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Social deprivation and urbanity as the elephant in the room

  • Mirek Dymitrow
  • Rene Brauer
  • Recep Efe
  • Turgut Tüzün Onay
  • Igor Sharuho
  • Emin Atasoy
Publiceringsår: 2014
Språk: Engelska
Sidor: 381-395
Publikation/Tidskrift/Serie: Urban and urbanization
Dokumenttyp: Del av eller Kapitel i bok
Förlag: Universitetsko izdatelstvo ”Sv. Kliment Ohridski”, Sofia

Abstract english

Social deprivation and marginalization in urban areas are hardships that are not necessarily limited to developing countries. Around 80 million Europeans today live in conditions that fall within the definition of poverty. However, certain areas are more prone to affliction than others. Such estates usually consist of concrete slab high-rise buildings and are often characterized by high levels of ethnic segregation, unemployment and crime, as well as low levels of education and health. In the Swedish equivalent of this type of environments, the current situation is not encouraging despite the multitude of urban development programs launched to address the issues at hand. Not only does the condition not improve, it deteriorates. In a wish to eschew conventional explanations of failure, we instead turn our attention towards some more systemic flaws in the conceptual design of these programs, arguing that one of these flaws could be the biggest and most obvious of them all – the idiomatic ‘elephant in the room’. In this chapter, we undertake a discussion about the probability that, in areas where social deprivation is the greatest, not all signifiers of the presumed concept of urbanity are met. Hence, rigid adherence to ‘urbanity’ as a guiding force in development programs might in fact contribute to counterproductive plans of action. In short, an urban development project may lack a satisfactory urban foundation and, by lack of congruence with the formulated ideation of urbanity, is likely to fail. On the basis of experiences from two Swedish suburbs, we problematize ‘the urban’ – or simply ‘the urban bias’ – in large-scale actions set to target complex issues of social deprivation, whose character may not easily align with a conceptual rural-urban axis. We conclude that more context-sensitive understanding of the human condition beyond inflexible labeling could help arrive at more accurate inferences.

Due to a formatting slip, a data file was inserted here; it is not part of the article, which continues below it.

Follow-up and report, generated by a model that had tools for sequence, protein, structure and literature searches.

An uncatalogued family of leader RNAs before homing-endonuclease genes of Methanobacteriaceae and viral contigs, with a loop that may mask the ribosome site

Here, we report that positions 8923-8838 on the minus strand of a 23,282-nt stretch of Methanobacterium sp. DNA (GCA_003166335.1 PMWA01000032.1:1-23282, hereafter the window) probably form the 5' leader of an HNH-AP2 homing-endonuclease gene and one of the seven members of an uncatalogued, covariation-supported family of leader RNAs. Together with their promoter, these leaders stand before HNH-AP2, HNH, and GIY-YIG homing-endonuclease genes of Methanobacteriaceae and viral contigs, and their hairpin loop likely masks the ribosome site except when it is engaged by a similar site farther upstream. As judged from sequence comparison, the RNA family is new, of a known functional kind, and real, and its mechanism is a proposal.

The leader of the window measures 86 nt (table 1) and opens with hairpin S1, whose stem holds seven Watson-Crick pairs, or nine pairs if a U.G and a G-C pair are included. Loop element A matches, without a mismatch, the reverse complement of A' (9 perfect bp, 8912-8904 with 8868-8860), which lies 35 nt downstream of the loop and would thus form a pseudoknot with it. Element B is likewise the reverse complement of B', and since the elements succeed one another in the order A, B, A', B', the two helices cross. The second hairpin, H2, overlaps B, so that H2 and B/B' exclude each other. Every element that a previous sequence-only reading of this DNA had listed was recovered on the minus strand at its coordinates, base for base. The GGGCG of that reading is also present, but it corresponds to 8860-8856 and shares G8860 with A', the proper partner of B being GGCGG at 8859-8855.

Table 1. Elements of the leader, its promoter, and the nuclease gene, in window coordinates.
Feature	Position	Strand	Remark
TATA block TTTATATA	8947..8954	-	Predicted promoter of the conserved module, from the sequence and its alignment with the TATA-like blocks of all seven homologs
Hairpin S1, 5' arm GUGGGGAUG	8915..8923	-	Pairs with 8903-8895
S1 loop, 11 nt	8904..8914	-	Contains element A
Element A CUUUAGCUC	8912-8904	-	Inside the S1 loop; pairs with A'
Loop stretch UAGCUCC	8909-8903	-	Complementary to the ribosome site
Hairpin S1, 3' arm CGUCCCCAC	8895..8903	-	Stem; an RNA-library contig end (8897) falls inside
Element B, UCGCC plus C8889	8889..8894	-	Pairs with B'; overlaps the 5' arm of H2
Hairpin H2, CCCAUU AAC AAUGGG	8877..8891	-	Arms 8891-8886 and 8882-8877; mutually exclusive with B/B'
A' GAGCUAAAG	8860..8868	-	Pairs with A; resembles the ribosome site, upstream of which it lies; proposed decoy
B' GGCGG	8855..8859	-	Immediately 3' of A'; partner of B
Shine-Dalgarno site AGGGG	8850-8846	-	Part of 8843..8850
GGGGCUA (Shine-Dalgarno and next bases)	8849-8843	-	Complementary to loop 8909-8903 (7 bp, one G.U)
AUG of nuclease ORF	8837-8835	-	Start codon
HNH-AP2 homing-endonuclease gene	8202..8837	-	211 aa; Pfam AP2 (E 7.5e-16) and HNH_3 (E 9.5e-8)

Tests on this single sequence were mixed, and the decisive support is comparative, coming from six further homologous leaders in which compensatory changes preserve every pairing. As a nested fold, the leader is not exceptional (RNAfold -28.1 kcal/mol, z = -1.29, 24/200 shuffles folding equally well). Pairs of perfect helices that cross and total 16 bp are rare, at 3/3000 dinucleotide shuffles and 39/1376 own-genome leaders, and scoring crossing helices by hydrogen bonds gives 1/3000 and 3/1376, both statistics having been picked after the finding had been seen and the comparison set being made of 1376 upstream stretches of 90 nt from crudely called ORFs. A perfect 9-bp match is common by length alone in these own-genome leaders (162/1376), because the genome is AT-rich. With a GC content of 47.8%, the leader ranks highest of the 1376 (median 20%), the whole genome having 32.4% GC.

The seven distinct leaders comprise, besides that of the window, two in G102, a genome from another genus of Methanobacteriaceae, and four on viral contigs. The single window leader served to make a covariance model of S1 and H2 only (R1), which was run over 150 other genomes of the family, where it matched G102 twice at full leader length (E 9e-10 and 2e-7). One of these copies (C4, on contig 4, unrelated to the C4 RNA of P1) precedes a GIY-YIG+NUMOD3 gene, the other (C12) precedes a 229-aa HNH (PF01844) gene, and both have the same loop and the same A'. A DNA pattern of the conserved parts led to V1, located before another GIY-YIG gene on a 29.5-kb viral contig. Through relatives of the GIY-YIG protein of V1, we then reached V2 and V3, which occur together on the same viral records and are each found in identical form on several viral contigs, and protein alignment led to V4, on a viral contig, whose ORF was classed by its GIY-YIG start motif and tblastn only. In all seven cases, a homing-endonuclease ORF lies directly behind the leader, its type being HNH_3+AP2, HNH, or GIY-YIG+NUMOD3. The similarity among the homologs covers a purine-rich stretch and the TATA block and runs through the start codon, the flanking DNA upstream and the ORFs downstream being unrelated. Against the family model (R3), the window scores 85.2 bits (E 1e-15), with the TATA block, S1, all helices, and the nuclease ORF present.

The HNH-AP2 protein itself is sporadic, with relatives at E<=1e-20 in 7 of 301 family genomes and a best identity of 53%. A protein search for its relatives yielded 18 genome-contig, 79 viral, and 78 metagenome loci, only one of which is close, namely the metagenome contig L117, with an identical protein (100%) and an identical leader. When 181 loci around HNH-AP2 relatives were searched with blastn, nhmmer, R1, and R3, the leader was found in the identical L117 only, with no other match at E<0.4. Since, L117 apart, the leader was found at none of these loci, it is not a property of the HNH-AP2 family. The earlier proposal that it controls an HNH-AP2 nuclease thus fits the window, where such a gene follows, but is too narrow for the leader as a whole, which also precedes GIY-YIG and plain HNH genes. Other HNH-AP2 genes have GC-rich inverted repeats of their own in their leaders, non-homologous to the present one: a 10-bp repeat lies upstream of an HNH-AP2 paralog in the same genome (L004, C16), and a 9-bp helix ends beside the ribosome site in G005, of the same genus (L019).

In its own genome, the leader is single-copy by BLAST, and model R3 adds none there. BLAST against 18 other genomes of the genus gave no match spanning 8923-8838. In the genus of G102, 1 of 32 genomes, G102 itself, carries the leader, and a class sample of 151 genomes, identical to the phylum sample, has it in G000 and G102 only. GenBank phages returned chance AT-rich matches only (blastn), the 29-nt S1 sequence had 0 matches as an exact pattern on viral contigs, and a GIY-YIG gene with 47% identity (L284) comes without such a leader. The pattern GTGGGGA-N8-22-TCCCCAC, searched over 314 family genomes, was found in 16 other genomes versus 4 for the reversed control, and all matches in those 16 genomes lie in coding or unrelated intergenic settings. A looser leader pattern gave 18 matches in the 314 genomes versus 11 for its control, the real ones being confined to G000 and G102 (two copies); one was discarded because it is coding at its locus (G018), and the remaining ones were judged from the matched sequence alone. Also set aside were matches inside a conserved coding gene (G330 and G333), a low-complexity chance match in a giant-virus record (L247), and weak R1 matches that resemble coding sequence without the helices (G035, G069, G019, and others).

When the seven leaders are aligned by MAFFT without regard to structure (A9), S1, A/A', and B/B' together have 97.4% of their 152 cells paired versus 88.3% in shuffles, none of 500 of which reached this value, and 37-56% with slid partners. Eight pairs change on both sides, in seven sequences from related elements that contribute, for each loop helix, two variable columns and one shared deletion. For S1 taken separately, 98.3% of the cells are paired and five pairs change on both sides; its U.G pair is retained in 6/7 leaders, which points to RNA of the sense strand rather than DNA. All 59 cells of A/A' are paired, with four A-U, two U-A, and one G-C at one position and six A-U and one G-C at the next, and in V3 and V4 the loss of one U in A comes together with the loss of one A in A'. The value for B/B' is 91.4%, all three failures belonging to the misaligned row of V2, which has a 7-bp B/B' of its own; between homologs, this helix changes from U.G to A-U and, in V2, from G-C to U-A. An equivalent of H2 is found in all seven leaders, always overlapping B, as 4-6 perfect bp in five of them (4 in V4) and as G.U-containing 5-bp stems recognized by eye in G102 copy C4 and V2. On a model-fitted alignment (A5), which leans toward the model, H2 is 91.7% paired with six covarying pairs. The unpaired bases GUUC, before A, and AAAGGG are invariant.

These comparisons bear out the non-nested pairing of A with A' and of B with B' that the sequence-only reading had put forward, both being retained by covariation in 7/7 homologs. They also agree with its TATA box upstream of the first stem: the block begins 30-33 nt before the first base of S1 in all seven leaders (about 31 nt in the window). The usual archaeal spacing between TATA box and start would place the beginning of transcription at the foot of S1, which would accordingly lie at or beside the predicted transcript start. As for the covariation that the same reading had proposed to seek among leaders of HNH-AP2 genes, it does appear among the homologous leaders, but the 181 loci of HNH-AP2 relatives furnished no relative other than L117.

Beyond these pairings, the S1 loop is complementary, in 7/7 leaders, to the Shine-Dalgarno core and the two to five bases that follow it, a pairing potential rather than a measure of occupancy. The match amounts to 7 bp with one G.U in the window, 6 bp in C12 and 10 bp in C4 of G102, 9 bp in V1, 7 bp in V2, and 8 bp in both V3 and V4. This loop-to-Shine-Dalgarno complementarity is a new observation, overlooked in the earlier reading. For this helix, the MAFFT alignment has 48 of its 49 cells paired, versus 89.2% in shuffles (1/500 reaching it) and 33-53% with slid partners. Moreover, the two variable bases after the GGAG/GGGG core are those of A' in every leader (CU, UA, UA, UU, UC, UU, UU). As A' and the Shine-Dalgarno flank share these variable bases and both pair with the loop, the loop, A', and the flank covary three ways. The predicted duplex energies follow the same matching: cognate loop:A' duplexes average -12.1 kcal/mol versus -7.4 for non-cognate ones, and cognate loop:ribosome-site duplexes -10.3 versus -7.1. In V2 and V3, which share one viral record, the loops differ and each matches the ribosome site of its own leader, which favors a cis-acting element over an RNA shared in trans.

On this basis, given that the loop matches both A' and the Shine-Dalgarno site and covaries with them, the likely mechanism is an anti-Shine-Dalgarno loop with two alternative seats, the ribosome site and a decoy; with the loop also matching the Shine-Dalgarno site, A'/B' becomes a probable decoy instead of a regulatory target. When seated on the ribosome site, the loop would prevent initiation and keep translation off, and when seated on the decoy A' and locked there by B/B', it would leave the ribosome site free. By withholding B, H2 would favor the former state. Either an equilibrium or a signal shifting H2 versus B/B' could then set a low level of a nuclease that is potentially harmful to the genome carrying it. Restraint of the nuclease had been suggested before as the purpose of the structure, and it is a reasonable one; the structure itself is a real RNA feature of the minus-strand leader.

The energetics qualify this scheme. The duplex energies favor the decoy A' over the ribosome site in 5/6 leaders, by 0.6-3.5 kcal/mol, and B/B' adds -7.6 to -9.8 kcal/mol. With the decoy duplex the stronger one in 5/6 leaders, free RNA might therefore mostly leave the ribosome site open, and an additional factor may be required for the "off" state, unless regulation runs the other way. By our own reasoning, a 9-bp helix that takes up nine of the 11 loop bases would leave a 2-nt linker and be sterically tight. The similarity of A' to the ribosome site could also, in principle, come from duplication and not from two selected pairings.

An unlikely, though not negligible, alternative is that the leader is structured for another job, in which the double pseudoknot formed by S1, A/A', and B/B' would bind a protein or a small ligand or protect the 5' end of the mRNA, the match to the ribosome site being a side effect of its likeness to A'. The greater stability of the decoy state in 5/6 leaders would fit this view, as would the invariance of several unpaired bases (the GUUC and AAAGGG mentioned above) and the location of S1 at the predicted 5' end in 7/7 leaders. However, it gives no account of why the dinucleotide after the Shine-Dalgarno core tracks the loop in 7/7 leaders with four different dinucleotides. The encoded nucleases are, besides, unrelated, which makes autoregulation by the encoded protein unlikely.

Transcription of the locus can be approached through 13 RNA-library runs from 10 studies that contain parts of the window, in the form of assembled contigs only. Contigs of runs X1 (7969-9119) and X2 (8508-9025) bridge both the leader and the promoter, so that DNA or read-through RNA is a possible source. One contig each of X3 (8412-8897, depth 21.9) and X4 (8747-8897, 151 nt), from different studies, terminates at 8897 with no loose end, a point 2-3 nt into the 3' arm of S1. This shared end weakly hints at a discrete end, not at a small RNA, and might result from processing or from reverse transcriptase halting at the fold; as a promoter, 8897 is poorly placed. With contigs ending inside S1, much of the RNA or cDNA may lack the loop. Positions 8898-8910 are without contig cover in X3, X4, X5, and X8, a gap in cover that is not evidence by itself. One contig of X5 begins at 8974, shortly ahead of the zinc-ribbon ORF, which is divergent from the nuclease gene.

• Social and Economic Geography
  • urbanity
  • rural-urban
  • social deprivation
  • development program
  • non-essentialism


  • ISBN: 978-954-07-3772-0
  • ISBN: 978-954-07-3772-0
E-post: mirek [dot] dymitrow [at] keg [dot] lu [dot] se

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